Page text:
Hot Rock, The (1972): Peter Yates’ Caper Movie, Starring Redford and George Segal

From Our Vaults:

Peter Yates directed The Hot Rock, a crime serio-comedy from a screenplay by William Goldman, based on Donald E. Westlake’s novel, which introduced his long-running John Dortmunder character.

Grade: C+ (** out of *****)

The film stars Robert Redford, George Segal, Ron Leibman, Paul Sand, Moses Gunn and Zero Mostel.

It was released in the UK with the alternative title How to Steal a Diamond in Four Uneasy Lessons.

In 1971, after John Dortmunder (Redford) is released from prison, he is sought by brother-in-law Andy Kelp (Segal) about another job.

Dr. Amusa (Gunn) seeks a valuable gem in the Brooklyn Museum that is of great significance in his country in Africa, stolen during colonial times and then re-stolen by various African nations.

Dortmunder and Kelp are joined by driver Stan Murch (Leibman) and explosives expert Allan Greenberg (Sand) in elaborate plan to steal the gem.

Although the scheme is carefully planned, it goes awry, and the quartet has to steal the diamond again and again.

First off, the diamond is swallowed by Greenberg when he gets caught by museum guards during the initial heist. Dortmunder, Kelp, and Murch, at the urging of Greenberg’s rotund father Abe (Zero Mostel), a lawyer, help Greenberg escape from state prison, but they then find he does not have the diamond. After Greenberg tells his partners he hid the rock in the police station (after bodily evacuating it), the quartet break into the precinct jail by helicopter, but the rock is not where Greenberg hid it. Greenberg discloses that his father was the only other person who knew where it was.

It isn’t until Murch, disguised as grunting muscle man Chicken, threatens Abe with being thrown down an elevator shaft, that Abe gives up the location of the diamond—his safe deposit box, and he also gives up the key to it. However, Dortmunder cannot access the box because of bank vault security, and the gang leaves Abe in Dr. Amusa’s office while they come up with a plan.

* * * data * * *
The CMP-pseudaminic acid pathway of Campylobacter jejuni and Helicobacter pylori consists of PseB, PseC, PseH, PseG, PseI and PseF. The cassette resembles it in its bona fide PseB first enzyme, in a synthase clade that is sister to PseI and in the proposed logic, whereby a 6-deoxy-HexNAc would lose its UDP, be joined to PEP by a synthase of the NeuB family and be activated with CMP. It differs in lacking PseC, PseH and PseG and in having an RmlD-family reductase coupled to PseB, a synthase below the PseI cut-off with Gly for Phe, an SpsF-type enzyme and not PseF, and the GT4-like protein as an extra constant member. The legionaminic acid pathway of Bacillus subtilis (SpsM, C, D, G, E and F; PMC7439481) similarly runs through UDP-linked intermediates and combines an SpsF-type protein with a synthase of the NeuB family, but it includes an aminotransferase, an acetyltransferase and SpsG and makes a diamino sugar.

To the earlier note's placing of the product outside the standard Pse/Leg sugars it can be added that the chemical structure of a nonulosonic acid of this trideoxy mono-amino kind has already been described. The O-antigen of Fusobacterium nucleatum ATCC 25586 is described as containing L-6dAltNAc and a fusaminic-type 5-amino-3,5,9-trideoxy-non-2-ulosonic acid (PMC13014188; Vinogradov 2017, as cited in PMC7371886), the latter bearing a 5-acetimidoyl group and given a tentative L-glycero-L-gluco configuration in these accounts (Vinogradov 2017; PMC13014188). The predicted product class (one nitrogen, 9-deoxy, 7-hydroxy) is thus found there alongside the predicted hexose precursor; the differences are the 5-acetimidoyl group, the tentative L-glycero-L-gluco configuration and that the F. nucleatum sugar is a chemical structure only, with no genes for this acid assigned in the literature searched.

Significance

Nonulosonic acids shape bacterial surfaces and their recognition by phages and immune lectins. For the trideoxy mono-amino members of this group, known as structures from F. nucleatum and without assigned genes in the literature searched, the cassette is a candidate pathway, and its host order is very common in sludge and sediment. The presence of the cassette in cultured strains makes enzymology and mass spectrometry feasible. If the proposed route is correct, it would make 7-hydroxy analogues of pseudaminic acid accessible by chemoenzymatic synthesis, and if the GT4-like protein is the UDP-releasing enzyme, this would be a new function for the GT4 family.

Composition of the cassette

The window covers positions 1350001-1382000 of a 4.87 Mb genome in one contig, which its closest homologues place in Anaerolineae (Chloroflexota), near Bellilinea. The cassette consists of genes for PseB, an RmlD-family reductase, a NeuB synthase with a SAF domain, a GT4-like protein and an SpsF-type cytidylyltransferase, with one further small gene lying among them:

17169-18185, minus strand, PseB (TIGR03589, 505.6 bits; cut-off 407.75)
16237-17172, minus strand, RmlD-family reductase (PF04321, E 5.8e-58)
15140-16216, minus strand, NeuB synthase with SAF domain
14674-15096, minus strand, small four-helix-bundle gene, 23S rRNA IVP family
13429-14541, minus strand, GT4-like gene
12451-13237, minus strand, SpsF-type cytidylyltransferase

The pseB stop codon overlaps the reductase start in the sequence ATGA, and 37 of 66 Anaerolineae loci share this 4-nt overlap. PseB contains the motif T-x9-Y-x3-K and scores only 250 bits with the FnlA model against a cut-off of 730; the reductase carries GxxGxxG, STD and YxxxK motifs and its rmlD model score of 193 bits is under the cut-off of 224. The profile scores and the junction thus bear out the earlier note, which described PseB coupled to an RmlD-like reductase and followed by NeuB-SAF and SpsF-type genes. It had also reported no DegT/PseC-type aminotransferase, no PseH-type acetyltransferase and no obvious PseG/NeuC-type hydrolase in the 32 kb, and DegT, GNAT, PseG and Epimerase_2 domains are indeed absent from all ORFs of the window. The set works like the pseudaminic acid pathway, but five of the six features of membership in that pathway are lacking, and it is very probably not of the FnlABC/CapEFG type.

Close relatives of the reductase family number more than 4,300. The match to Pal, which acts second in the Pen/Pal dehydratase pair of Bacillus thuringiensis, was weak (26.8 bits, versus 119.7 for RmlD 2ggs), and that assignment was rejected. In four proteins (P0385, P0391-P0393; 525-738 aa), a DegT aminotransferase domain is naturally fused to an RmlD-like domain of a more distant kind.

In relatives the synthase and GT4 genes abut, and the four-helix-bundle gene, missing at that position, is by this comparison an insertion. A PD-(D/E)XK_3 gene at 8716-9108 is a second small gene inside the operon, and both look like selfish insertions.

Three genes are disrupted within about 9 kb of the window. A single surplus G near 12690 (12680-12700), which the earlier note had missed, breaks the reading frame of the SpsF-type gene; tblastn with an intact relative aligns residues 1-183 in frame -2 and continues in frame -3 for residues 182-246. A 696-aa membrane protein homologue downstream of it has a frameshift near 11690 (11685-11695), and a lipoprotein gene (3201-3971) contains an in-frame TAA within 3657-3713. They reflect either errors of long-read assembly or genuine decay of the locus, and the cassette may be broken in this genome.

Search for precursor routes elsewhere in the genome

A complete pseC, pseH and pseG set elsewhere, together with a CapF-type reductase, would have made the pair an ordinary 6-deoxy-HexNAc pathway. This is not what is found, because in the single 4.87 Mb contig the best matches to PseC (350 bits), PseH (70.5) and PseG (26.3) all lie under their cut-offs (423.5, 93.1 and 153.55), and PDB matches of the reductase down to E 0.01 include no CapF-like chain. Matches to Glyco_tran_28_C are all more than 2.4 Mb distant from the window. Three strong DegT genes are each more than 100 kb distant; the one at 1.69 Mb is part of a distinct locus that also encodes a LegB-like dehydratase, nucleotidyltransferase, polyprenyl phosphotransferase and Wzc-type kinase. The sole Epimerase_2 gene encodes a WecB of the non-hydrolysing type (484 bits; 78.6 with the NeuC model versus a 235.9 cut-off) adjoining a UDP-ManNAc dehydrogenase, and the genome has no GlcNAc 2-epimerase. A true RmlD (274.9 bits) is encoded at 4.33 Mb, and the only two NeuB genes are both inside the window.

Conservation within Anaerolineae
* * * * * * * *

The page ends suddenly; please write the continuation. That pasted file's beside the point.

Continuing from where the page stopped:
With the help of the hypnotist Miasmo, Dortmunder sets up his own safe deposit box to get access to the vault and then plans to invoke the predetermined hypnotic trigger phrase “Afghanistan banana stand” to the vault guard. He then would be able to gain access to Abe’s safe deposit box and retrieve the gem after the bank opens in the morning.

While Dortmunder is waiting for the bank to open, Dr. Amusa fires them for incompetence, and reveals that Abe Greenberg has made a deal to sell him the gem, which will leave the gang with nothing.

Dortmunder finally retrieves the gem while Dr. Amusa and Abe are driving to the bank. He exits the bank and walks away just before they arrive. Dortmunder climbs into Kelp’s car where the others are waiting, and a rousing cheer erupts as they drive off.

Yates claimed that “all around me, people were making nothing but films about violence, sex and drugs… Everything was a downer. I wanted to do an upper… The point of this film is not that the characters are criminals, but that they are likable, and that they, like many people, plan things all their lives and never have it work out.” Thus, Yates tried to mix comedy with suspense, a combination that doesn’t always work.

As Dortmunder’s gang flies through Manhattan to break into the police station, their helicopter flies by the World Trade Center. The south tower is seen under construction in several shots.

The Jail scenes were filmed at the Nassau County Jail Carmen Avenue in East Meadow on Long Island. The scenes of “the practice run” in which Ron Leibman drives his car into the back of a waiting tractor trailer was also filmed in East Meadow on Hempstead Turnpike.

The movie was a commercial flop. “I thought I had a hit with The Hot Rock,” Yates said. “It was an interesting story, and we had Robert Redford and George Segal for the leads. Nobody went to see it.”

Though offbeat, Hot Rock lacks suspense as a caper movie, and it is also ineffective in its effort to be lightly amusing. The script is underwritten, and the pacing too deliberate.  Additionally, Redford renders a rather listless and impassive performance, instead of the ironically funny one it’s supposed to be.

Oscar Nomination:
Frank P. Keller and Fred W. Berger were nominated for the Best Film Editing Academy Award.

Reel/Real Impact
Punk rock band Sleater-Kinney named their 1998 album “The Hot Rock” after the movie. The cover of the album features the band imitating the film’s poster in downtown Portland, Oregon.

Robert Redford as John Dortmunder
George Segal as Andy Kelp
Ron Leibman as Stan Murch
Paul Sand as Allan Greenberg
Moses Gunn as Dr. Amusa
Zero Mostel as Abe Greenberg
William Redfield as Lt. Hoover
Topo Swope as Carey “Sis” Dortmunder Kelp
Christopher Guest as Policeman
Graham Jarvis as Warden
Lynne Gordon as Miasmo
Charlotte Rae as Ma Murch
Harry Bellaver as Rollo the Bartender